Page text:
Sr. Margaret Dorgan's Reflection
<<Previous Meditations© copyright 2005 by Sr. Margaret Dorgan, DCMThanksgiving Day
America 's Thanksgivings in recent years have been Thanksgiving with a difference. We are grateful, very grateful, but many certitudes we enjoyed in the past have been overshadowed with elements of insecurity. The United States , land of the free, is not exempt from the burdens borne by so many people in the rest of the world. Our freedom, like all earthly freedom, carries with it a terrible fragility. That fragility was always there, but our awareness of it was not. Many recent events have turned minds and hearts into a search to comprehend human motives, religious aspirations, and moral justifications when horrors are inflicted.
We look back on the history of Thanksgiving Day, how it came about, the people who are characters in the drama. The first chapter takes place in England . In 1609, a group of Christians, who call themselves Pilgrims, sail away from persecution to the more tolerant shores of Holland . But they do not like the effect of Dutch culture on their children and decide to move on. They will make a much more hazardous voyage to the New World . There they will establish a community based on high religious standards. A financial arrangement with merchant backers pays their way in exchange for seven years of labor in their new setting.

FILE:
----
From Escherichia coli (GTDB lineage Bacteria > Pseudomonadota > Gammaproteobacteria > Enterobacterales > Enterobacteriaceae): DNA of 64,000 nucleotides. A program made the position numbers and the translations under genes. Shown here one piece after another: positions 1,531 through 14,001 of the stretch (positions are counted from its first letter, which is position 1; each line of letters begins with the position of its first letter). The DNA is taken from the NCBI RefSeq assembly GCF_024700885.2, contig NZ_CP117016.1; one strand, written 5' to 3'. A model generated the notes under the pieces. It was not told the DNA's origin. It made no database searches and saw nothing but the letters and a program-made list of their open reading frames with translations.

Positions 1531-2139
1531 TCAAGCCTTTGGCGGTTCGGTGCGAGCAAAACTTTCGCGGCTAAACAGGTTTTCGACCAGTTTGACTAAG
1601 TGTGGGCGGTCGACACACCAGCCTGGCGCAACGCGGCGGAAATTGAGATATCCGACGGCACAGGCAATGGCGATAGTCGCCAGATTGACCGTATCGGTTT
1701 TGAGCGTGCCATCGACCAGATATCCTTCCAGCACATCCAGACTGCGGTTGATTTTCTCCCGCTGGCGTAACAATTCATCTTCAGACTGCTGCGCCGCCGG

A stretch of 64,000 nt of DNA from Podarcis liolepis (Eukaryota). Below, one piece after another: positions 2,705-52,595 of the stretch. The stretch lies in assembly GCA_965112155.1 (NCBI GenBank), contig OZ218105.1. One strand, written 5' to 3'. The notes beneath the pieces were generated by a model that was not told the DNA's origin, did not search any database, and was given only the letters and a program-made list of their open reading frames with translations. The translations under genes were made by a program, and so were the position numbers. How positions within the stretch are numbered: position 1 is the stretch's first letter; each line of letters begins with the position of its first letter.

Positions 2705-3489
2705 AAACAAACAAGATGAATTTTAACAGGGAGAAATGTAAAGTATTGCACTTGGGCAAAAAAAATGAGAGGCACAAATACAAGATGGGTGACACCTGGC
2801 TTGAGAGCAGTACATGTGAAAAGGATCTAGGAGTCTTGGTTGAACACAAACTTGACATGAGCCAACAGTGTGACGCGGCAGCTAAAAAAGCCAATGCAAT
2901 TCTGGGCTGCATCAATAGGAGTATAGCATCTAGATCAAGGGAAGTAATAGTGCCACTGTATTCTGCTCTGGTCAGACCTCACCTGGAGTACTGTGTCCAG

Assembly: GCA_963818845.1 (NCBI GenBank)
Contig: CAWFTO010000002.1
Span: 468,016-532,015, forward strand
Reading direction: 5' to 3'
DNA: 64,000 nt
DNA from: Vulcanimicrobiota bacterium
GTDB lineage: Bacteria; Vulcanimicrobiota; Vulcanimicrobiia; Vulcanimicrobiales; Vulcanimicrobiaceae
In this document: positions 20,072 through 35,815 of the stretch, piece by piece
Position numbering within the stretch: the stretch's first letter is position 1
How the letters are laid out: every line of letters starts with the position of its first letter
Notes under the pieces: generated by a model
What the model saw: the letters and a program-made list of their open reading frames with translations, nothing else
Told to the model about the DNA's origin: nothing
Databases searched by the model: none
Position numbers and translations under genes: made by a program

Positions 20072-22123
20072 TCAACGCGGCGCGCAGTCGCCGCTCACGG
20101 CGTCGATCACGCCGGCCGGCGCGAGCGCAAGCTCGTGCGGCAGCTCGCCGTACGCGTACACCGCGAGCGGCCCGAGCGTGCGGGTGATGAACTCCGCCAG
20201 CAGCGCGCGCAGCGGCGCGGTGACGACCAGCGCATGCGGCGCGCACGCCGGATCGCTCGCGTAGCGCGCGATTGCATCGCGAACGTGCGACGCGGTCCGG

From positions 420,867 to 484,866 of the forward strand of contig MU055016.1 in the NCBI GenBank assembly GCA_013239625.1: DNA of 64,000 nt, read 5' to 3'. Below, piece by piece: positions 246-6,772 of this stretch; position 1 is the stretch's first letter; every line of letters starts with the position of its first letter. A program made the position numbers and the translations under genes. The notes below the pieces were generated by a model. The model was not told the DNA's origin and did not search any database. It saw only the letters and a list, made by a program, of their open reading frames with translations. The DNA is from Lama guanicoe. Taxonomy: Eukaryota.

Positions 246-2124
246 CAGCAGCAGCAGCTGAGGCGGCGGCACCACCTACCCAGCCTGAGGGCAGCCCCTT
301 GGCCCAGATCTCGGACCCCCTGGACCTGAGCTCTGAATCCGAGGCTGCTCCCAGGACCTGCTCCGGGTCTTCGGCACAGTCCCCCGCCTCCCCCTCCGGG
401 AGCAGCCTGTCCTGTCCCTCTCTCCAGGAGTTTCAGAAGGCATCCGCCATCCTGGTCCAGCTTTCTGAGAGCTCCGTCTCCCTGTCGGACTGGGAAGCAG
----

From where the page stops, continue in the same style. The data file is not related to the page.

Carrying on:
Here is a beginning fraught with possibilities of danger. On Sept. 6, 1620, nine weeks behind schedule, the Pilgrims set sail on the Mayflower and endure 66 cold damp days. The wooden ship cannot allow fire so all the food is eaten without heat. A baby boy, Oceanus, is born at sea. Illness is pervasive and one person dies. Land appears at Cape Cod, but the final choice for a settlement is Plymouth . A chilling winter with exceptional onslaughts of sleet and snow reduces the 110 Pilgrims and crew to less than 50. America 's founding is cemented with human grief, great loss of life, and religious hopes. All of this we are experiencing today.
At last the warmth of spring draws near. An Abanaki Indian, walking into the settlement, at first frightens the survivors. His name is Samoset and he calls out , “Welcome." He had learned English from fisherman in his native Maine . Samoset returns with a second brave named Squanto who is much more fluent in English and has been baptized a Christian. With Squanto's tutoring, the Pilgrims are taught to tap maple trees for sap, to plant corn and other crops. The October harvest is abundant and calls for rejoicing. Governor William Bradford, who will be re-elected 30 times, proclaims a feast of Thanksgiving. The celebration of colonists and 90 Indians lasts three days.